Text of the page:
What is Industrial Relations? (Part III) Definition of employment relationship and Industrial Relations
Industrial relations usually involve and consider employees as a group and employers as a group. The decisions taken by employers and managers are affecting on industrial relations; e.g.: Opening or closing down of a workplace, introducing new technology or work organization, allocating a specific distribution of profits are some of them. Decisions taken by employees are also affecting the industrial relations such as strikes, immediate leave without following proper way, and not doing the job in working time.
What is Industrial Relation?
There are several definitions for industrial relation from the past. Definitions are not clear at all, so there are many disagreements on selecting one general definition. Many specialists defined the term of Industrial Relation and some accepted definitions are mentioned below.
Professor Barnash (1954) defined IR as “Area of study and practice concerned with the administration of the employment function in modern public and private enterprise. This function involves workers, unions, managers, government and various publics”.
In this definition, it considered workers, unions, managers, government, and “various public” as a single function (but present days they are considering as different functions). Still there is administration rather than management of people involving, and considering it as a separate function apart from above function of ‘employment’ mentioned in the definition. This is correct, but sometimes this single function is acting as a separate bunch of functions, working separately to get in to one core of a goal or achieve one main objective.
Professor Margerison (1969) defined it as “The study of people in a situation, organization or system interacting in the doing of work in relation to some form of contract, written or unwritten… the essential element in all industrial relations is conflict…. The nature and development conflict itself.”
Written or unwritten contracts and ‘situations’ are the major parts of this definition. For the first time there was concern about the situations and unwritten contracts. It opened a new door to the industrial relations. In this study, it was accepted the conflicts are occurring due to many reasons when practicing industrial relations. It became to a true in present situations.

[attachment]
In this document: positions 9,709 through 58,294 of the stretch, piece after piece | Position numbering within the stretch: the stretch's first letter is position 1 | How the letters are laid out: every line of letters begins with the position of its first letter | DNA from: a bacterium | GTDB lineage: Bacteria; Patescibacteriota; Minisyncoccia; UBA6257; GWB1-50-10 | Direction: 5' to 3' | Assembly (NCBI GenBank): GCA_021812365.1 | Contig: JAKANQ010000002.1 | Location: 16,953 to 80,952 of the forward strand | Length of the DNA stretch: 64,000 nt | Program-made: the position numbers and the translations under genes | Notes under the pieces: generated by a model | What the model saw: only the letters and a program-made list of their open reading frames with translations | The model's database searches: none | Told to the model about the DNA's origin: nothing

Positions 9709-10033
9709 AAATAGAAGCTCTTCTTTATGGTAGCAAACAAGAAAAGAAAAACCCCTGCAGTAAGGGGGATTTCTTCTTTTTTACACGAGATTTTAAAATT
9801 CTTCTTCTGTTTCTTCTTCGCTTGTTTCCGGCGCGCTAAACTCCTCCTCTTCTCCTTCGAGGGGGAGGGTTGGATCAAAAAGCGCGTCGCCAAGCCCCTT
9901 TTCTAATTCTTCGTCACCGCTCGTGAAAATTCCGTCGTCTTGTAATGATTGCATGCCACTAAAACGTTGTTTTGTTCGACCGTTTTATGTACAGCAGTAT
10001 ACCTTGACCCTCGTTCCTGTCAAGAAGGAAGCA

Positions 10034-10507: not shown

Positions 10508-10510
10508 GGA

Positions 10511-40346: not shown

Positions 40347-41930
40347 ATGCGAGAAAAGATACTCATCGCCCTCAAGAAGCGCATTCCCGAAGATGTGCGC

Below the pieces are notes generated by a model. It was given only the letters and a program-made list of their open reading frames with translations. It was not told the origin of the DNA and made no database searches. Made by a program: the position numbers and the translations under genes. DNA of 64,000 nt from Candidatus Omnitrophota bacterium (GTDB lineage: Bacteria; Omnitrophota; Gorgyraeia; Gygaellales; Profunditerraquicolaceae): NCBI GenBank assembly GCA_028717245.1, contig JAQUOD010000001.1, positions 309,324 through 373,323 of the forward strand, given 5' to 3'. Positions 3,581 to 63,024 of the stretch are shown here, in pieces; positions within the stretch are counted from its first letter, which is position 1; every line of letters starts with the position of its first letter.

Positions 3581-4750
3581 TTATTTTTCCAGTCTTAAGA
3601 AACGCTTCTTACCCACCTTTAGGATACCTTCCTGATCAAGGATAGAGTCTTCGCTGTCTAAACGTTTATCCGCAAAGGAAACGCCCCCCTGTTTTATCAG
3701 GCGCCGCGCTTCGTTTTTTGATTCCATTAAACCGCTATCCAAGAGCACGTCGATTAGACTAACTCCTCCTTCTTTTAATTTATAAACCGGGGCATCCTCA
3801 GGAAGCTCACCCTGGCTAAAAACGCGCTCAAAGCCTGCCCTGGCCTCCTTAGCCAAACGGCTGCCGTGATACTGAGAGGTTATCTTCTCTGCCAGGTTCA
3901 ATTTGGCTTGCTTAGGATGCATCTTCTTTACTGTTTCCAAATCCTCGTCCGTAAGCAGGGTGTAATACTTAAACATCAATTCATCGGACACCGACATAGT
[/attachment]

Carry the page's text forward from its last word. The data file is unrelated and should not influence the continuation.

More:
Hyman (1975) has defined IR as “Industrial Relation is the study of process of control over work relations”. Industrial relation also is a process of understand the relationship between employer and employee as well as other functions influence to them.
Flanders (1975) defined IR as “The relations between the enterprise and its employees and among those employees themselves… the study of industrial relations may therefore be described as a study of the institutions of job regulation”. As per this definition it was taken all the functions of employer, management etc., as an enterprise. It was good to consider the relationships of the employees among them self, because it also affecting to the general behavior of relationship in the industry.
Deery and Plowman described IR in 1985 as “….in its broadest sense industrial relations is about the behavior and interaction of people at work. It is concerned with how individuals, groups, organizations and institutions make decisions which shape the employment relationship between management and labor”
In here they gave a broad sense to the industrial relations, and it depends on the behaviors, past experiences, approaches and the way dealing with the functions which involved in the industrial relations. Labor is considered same as worker, but has more legally protected background, acceptance and reputation than worker.
- The Origins of Industrial Relations - (Part I of What is Industrial Relations)
- Evolution of Labor Relations and Industrial Relations - (Part II of What is Industrial Relations)